KBR Compelled To Release Internal Reports Documenting Iraq War Contracting Fraud
Washington, D.C. November 24, 2014. A U.S District Court judge has ordered defense contractor Kellogg Brown & Root (KBR), the massive multinational company responsible for many of the construction projects in the Iraq war, to turn over incriminating documents prepared as part of an internal investigation of multi-million dollar war contracting fraud.
The order to produce the investigative reports was issued in connection with a whistleblower lawsuit filed on behalf of the United States by Harry Barko. The decision, dated November 20, 2014, issued by U.S. District Court Judge James Gwin, ordered KBR to produce its Code of Business Conduct (“CBOC”) investigative reports.
The Court’s decision acknowledges, “major discrepancies exist between [KBR Attorney] Heinrich’s testimony and the contents of the [COBC] writings Heinrich [admitted he] had reviewed” in preparation to testify on behalf of KBR. The Court concluded that by injecting the false assertion about what the investigative findings actually contain, KBR waived its right to keep the reports hidden.
KBR initiated an internal investigation of fraud allegations it received from its employees. KBR then required all of its employees involved with the investigation to sign highly restrictive non-disclosure agreements threatening termination if they spoke about the multi-million dollar fraud to anyone outside of KBR’s legal department. The U.S. Securities and Exchange Commission and members of Congress are currently investigating whether those non-disclosure agreements violate federal laws. According to Michael Kohn, Mr. Barko’s lead counsel, “KBR designed a system that concealed evidence of fraud after an employee reported it to the company. It accomplished this in large part by gagging its employees by having them sign agreements threatening them with termination if they spoke out.”
The production of the COBC documents originally erupted into a major legal battle between KBR and Mr. Barko’s counsel following a March 6, 2014, decision issued by the trial judge ordering the production of the documents. This order established that the internal reports contained evidence that fraud and bribery had occurred in connection with numerous subcontracts KBR gave to a favored Jordanian firm, Daoud & Partners, during the Iraq War that KBR then billed to the government. That order states in part:
“The Court has reviewed KBR’s COBC Reports and they are eye-openers. KBR’s investigator found Daoud: “received preferential treatment.” The reports include both direct and circumstantial evidence that Daoud paid off KBR employees and KBR employees steered business to [Daoud]. And the KBR investigation “reported a trend that [Daoud] would routinely submit bids after proposals from other companies had been received.” The reports suggest some KBR employee or employees fed information about competitor bids to Daoud to allow Daoud to submit a late bid undercutting the competitors.”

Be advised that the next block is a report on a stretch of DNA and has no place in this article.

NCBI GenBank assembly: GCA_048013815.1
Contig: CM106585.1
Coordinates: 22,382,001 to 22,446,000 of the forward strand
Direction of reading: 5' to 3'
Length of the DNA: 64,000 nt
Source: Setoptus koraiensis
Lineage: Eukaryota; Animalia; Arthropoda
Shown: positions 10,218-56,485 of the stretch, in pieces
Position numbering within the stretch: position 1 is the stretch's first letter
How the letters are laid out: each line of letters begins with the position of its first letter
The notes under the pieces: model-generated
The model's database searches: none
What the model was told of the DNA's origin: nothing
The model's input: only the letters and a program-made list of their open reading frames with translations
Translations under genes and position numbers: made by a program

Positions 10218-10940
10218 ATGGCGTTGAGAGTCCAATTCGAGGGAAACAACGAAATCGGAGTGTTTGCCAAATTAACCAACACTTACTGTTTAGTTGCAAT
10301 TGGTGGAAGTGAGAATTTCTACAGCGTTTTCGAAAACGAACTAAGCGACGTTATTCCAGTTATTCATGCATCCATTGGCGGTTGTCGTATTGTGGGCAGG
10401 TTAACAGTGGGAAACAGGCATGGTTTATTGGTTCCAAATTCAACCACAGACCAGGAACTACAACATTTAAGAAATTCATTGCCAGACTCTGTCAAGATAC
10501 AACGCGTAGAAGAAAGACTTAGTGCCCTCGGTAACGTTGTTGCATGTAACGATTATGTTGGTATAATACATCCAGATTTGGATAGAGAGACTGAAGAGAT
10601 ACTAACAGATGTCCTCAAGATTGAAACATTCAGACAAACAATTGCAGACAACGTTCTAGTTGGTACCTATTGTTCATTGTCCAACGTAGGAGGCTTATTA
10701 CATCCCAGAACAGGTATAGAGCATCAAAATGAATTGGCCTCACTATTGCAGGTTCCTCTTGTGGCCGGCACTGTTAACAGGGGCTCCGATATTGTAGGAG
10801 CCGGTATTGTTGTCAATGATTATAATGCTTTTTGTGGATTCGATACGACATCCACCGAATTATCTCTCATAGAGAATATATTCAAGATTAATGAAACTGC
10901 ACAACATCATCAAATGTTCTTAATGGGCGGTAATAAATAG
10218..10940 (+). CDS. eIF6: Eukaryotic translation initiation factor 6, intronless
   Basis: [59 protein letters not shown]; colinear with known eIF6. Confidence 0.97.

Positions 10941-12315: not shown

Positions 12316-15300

United States ex rel. Barko v. Halliburton Co. et al., No. 1:05-CV-1276 (D.D.C.), March 6, 2014 order.
KBR’s relationship with Dauod predated the Iraq War when Daoud agreed to serve as KBR’s Jordanian “corporate sponsor.” Daoud’s corporate sponsorship was important to KBR’s expansion of its the Middle East business dealings. According to documents already released, KBR knew that Daoud had direct ties to the Jordanian Royal family and that Daoud had offered to place Royal Jordanian Air Force assets at KBR’s disposal.
KBR objected to Judge Gwin’s initial order and filed an emergency appeal to the U.S. Court of Appeals for the District of Columbia Circuit. In that appeal KBR was successful in convincing the Court of Appeals that the documents were protected attorney-client communications. However, the District Court ordered KBR to disclose the documents after determining KBR waived their privilege.
In its November 20, 2014, order, the District Court found that KBR had in fact waived the privilege and ordered KBR to release the documents. “Both Mr. Barko’s right to due process, and the public interest, demand that KBR produce all of the documents demonstrating fraud in these multi-million dollar contracts. When companies steal from the tax payers, they cannot hide behind attorney-run compliance programs,” Kohn added.
Related documents are all available online at Whistleblower Blog:
- Court Order Requiring KBR to Produce the Records: November 20, 2014 Order of the District Court
- United States ex rel. Barko v. Halliburton Co. et al., No. 1:05-CV-1276 (D.D.C.), March 6, 2014 order (first order of the district court ordering production of the KBR documents that demonstrate KBR’s fraud against the taxpayer)
- United States ex rel. Barko v. Halliburton Co. et al., No. 1:05-CV-1276 (D.D.C.), March 11, 2014 order (Follow-up order from the district court requiring production of the KBR documents)
- In re: Kellogg Brown & Root, Inc., et al, June 27, 2014 order of the Appeals Court upholding KBR’s claim of attorney client privilege, but permitting a remand on the “waiver” issue
- Washington Post Reports SEC Investigating KBR
- Washington Post Reports Workplace secrecy agreements appear to violate federal whistleblower laws
- Washington Times Reports KBR contractor probed by Senate, House over documents silencing whistleblowers
- Federal Times Reports Lawmakers say KBR non-disclosure agreements stop whistle blowers
- November 20, 2014 Letter from Lawmakers to KBR CEO Stuart Bradie
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